Gender Difference on the Effect of Omega-3 Polyunsaturated Fatty Acids on Acetaminophen-Induced Acute Liver Failure.
ABSTRACT: Acetaminophen (APAP) toxicity is the leading cause of drug-induced liver failure, which is closely related to mitochondrial dysfunction and oxidative damage. Studies in clinical trials and in animal models have shown that omega-3 polyunsaturated fatty acids (n-3 PUFAs) affect the progression of various types of liver damage. Interestingly, the sex-dependent effect of n-3 PUFAs on human health has also been well documented. However, it is unknown whether supplementation of n-3 PUFAs modulates the pathogenesis of APAP-induced liver failure with sex-specificity. Our results showed that both endogenous and exogenous n-3 PUFAs significantly aggravated the APAP-induced liver injury in male mice, whereas the opposite effects were observed in females. In vivo and in vitro studies demonstrated that estrogen contributes to the gender difference in the regulation of n-3 PUFAs on APAP overdose. We found that n-3 PUFA-mediated regulation of hepatic oxidative stress response and autophagy upon APAP challenge is distinct between male and female mice. Moreover, we provided evidence that ?-catenin signaling activation is responsible for the sex-dependent regulation of APAP hepatotoxicity by n-3 PUFAs. Together, these findings indicated that supplementation with n-3 PUFAs displays sex-differential effect on APAP hepatotoxicity and could have profound significance in the clinical management for drug-induced liver injury.
Project description:Acetaminophen (APAP) overdose is a common cause of drug-induced acute liver failure. Although hepatocyte cell death is considered to be the critical event in APAP-induced hepatotoxicity, the underlying mechanism remains unclear. Ferroptosis is a newly discovered type of cell death that is caused by a loss of cellular redox homeostasis. As glutathione (GSH) depletion triggers APAP-induced hepatotoxicity, we investigated the role of ferroptosis in a murine model of APAP-induced acute liver failure. APAP-induced hepatotoxicity (evaluated in terms of ALT, AST, and the histopathological score), lipid peroxidation (4-HNE and MDA), and upregulation of the ferroptosis maker PTGS2 mRNA were markedly prevented by the ferroptosis-specific inhibitor ferrostatin-1 (Fer-1). Fer-1 treatment also completely prevented mortality induced by high-dose APAP. Similarly, APAP-induced hepatotoxicity and lipid peroxidation were prevented by the iron chelator deferoxamine. Using mass spectrometry, we found that lipid peroxides derived from n-6 fatty acids, mainly arachidonic acid, were elevated by APAP, and that auto-oxidation is the predominant mechanism of APAP-derived lipid oxidation. APAP-induced hepatotoxicity was also prevented by genetic inhibition of acyl-CoA synthetase long-chain family member 4 or ?-tocopherol supplementation. We found that ferroptosis is responsible for APAP-induced hepatocyte cell death. Our findings provide new insights into the mechanism of APAP-induced hepatotoxicity and suggest that ferroptosis is a potential therapeutic target for APAP-induced acute liver failure.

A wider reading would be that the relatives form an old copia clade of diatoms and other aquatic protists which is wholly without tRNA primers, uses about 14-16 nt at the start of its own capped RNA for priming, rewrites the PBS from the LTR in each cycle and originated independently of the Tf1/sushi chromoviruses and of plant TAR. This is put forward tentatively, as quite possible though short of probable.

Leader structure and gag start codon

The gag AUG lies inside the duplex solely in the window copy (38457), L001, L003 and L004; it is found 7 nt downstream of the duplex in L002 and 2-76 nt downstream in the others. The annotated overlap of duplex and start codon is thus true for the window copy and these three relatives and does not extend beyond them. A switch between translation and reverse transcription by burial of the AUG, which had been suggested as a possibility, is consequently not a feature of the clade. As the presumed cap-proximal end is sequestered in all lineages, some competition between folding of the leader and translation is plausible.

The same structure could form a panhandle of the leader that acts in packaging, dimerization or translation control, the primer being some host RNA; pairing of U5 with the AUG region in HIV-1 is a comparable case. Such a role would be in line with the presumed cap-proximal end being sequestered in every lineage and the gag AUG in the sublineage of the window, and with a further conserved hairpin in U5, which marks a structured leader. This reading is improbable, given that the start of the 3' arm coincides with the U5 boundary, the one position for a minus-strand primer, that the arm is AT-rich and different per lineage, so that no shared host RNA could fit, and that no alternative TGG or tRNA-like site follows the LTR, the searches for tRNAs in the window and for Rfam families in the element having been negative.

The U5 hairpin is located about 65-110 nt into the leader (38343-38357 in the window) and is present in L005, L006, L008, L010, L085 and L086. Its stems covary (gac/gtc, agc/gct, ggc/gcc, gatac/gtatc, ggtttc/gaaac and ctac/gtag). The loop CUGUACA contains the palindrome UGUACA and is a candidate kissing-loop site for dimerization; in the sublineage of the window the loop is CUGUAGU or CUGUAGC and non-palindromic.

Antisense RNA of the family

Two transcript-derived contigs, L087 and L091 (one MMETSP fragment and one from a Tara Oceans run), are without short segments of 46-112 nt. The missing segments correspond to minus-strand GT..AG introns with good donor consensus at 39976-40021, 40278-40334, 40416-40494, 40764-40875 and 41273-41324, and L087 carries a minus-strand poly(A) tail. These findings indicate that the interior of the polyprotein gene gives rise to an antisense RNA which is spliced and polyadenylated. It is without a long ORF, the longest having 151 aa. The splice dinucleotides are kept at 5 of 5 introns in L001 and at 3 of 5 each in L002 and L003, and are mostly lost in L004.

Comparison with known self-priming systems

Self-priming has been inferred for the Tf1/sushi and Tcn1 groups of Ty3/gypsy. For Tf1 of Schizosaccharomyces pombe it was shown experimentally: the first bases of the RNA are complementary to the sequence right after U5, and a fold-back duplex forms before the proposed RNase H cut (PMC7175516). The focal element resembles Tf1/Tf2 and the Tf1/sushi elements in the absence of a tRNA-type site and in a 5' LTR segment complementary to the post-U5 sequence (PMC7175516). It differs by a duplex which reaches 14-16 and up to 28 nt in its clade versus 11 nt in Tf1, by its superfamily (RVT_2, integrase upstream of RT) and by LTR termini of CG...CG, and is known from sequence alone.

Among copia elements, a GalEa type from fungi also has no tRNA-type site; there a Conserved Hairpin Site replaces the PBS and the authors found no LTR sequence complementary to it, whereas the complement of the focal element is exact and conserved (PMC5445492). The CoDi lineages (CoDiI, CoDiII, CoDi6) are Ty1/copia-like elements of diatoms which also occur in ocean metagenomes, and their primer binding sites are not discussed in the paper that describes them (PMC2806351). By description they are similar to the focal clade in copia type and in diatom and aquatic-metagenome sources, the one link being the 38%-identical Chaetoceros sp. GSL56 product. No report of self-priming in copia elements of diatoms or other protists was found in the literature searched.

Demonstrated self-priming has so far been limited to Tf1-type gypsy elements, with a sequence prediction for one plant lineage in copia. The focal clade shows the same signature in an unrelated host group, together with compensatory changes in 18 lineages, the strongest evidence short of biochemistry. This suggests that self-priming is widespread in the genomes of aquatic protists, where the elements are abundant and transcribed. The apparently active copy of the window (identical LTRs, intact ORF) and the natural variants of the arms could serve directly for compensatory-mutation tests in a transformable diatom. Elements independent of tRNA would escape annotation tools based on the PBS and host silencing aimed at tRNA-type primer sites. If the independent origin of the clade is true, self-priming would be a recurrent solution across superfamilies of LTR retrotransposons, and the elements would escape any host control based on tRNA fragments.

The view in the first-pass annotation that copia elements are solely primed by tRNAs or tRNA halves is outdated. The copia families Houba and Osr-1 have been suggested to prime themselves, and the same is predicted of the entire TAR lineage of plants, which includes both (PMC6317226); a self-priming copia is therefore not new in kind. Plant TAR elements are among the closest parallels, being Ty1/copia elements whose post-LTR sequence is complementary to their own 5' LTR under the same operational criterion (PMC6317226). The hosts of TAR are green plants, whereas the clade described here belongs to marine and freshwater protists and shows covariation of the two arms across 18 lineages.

Project description:Acetaminophen (APAP) is a widely used over-the-counter antipyretic and analgesic drug. Overdose of APAP is the leading cause of hospital admission for acute liver failure. Montelukast is an antagonist of cysteinyl leukotriene receptor 1 (Cysltr1), which protects from inflammation and oxidative stress. However, the function of montelukast in APAP-induced hepatotoxicity remains unknown. In this study, we examined whether pharmacological inhibition of Cystlr1 could protect mice against APAP-induced hepatic damage. We found that APAP treatment upregulated messenger RNA and protein levels of Cysltr1 both in vitro and in vivo. Pharmacological inhibition of Cysltr1 by montelukast ameliorated APAP-induced acute liver failure. The hepatoprotective effect of montelukast was associated with upregulation of hepatic glutathione/glutathione disulfide level, reduction in c-Jun-NH2-terminal kinase activation and oxidative stress. In mouse primary hepatocytes, inhibition of Cysltr1 by montelukast ameliorated the expression of inflammatory-related genes and APAP-induced cytotoxicity. We conclude that montelukast may be used to treat APAP-induced acute hepatic injury.
Project description:Acetaminophen (APAP) overdose induces acute liver damage and failure via reactive oxygen species production and glutathione (GSH) depletion. Methionine sulfoxide reductase B1 (MsrB1) is an antioxidant selenoenzyme that specifically catalyzes the reduction of methionine R-sulfoxide residues. In this study, we used MsrB1 gene-knockout mice and primary hepatocytes to investigate the effect of MsrB1 on APAP-induced hepatotoxicity. Analyses of histological alterations and serum indicators of liver damage showed that MsrB1-/- mice were more susceptible to APAP-induced acute liver injury than wild-type (MsrB1+/+) mice. Consistent with the in vivo results, primary MsrB1-/- hepatocytes displayed higher susceptibility to APAP-induced cytotoxicity than MsrB1+/+ cells. MsrB1 deficiency increased hepatic oxidative stress after APAP challenge such as hydrogen peroxide production, lipid peroxidation, and protein oxidation levels. Additionally, basal and APAP-induced ratios of reduced-to-oxidized GSH (GSH/GSSG) were significantly lower in MsrB1-/- than in MsrB1+/+ livers. Nrf2 nuclear accumulation and heme oxygenase-1 expression levels after APAP challenge were lower in MsrB1-/- than in MsrB1+/+ livers, suggesting that MsrB1 deficiency attenuates the APAP-induced activation of Nrf2. Collectively, the results of this study suggest that selenoprotein MsrB1 plays a protective role against APAP-induced hepatotoxicity via its antioxidative function.